As a security precaution, SplendidCRM does not store passwords in its database.  Instead, it stores an un-reversible hash.  However, the preferred method of authentication is the use of domain-driven Windows Authentication.  This method ensures that the identity is indeed that of the person who has logged-into the client operating system.

Record Ownership

SplendidCRM can be configured to only show records to the users they are assigned to.  This is the simplest level of security but it also allows a manager to see all the data for all users that report to him or her.

Role Management

The Role-based management system allows administrators to define access rights at the module level.  Access rights are determined at login and stored in the Session cache to ensure optimum performance.

Users can be assigned multiple roles that provide different levels of access.  In the case of two roles with conflicting rights, SplendidCRM defaults to the least-access right.  This is similar to the way Windows access rights work.  If a user is assigned two roles, one that grants a right to an area and the other that takes it away, the result will be that the user does not have access to that area.

Team Management

SplendidCRM also supports a Team-based management system that provides a row-level access to data.  Users that are assigned to teams can only see data that is assigned to their teams.  For example, team management allows our customers to define sales teams based on specific geographical areas and ensure that each team can focus only on their area.

While the Role Management logic is applied at the UI level, the Team Management logic is applied at the database level.  When Team Management has been enabled, any time we retrieve records from the database, we make sure that we filter the data by the teams that are available to the current user.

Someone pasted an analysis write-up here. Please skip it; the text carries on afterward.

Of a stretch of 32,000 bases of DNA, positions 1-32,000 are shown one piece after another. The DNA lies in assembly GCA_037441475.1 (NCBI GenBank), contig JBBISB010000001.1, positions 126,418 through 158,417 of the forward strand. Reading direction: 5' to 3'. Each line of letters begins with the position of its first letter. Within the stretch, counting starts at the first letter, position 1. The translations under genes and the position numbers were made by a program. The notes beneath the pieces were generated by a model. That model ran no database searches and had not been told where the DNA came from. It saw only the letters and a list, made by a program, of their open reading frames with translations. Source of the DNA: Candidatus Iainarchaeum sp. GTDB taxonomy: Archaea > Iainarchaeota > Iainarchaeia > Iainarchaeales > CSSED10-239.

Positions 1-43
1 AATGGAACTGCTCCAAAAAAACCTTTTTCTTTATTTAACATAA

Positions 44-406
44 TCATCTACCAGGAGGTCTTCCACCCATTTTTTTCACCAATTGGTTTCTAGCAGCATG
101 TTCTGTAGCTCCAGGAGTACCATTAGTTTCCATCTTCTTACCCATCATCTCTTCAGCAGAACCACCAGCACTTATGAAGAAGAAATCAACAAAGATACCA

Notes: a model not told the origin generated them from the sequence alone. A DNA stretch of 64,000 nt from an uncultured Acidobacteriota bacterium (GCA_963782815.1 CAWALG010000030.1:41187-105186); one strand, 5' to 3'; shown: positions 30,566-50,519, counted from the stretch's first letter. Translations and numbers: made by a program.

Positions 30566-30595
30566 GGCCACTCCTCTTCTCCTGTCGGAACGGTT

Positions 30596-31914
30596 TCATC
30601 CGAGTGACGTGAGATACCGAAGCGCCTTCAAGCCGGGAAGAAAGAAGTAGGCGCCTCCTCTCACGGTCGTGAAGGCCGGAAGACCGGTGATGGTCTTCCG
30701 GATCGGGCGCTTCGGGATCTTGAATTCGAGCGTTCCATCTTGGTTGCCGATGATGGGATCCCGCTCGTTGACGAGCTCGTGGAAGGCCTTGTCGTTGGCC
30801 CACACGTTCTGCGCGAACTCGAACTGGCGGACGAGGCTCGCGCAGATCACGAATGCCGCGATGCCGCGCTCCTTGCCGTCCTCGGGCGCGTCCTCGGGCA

Team Management also supports the concept of a manager.  This is accomplished by creating special private teams for each user in the system.  Then, this private team is assigned to the manager of each user so that the manager can see all the same data.


Additional Information

The SplendidCRM Application Platform is constantly being improved.  Please visit the SplendidCRM Software website to obtain the most recent version of the software:

http://www.splendidcrm.com

If you have any questions, please post them to the SplendidCRM Support forum:

http://www.splendidcrm.com/Forums/tabid/66/Default.aspx

 

References

ASP.NET 2.0 Security Practices at a Glance
http://msdn.microsoft.com/en-us/library/ms998372.aspx

Take Advantage of ASP.NET Built-in Features to Fend Off Web Attacks
http://msdn.microsoft.com/en-us/library/ms972969.aspx

Securing ASP.NET Applications
http://www.novologies.com/post/2009/04/08/Securing-ASPNET-Applications.aspx

Jeff Prosise on Hacking ASP.NET Web Applications
http://blogs.msdn.com/mikeormond/archive/2005/02/24/379562.aspx

ASP.NET Security: 8 Ways to Avoid Attack
http://www.devx.com/security/Article/20898/0/page/1

 

Errors and Omissions

If you discover any errors or omissions in this document, please email support@splendidcrm.com.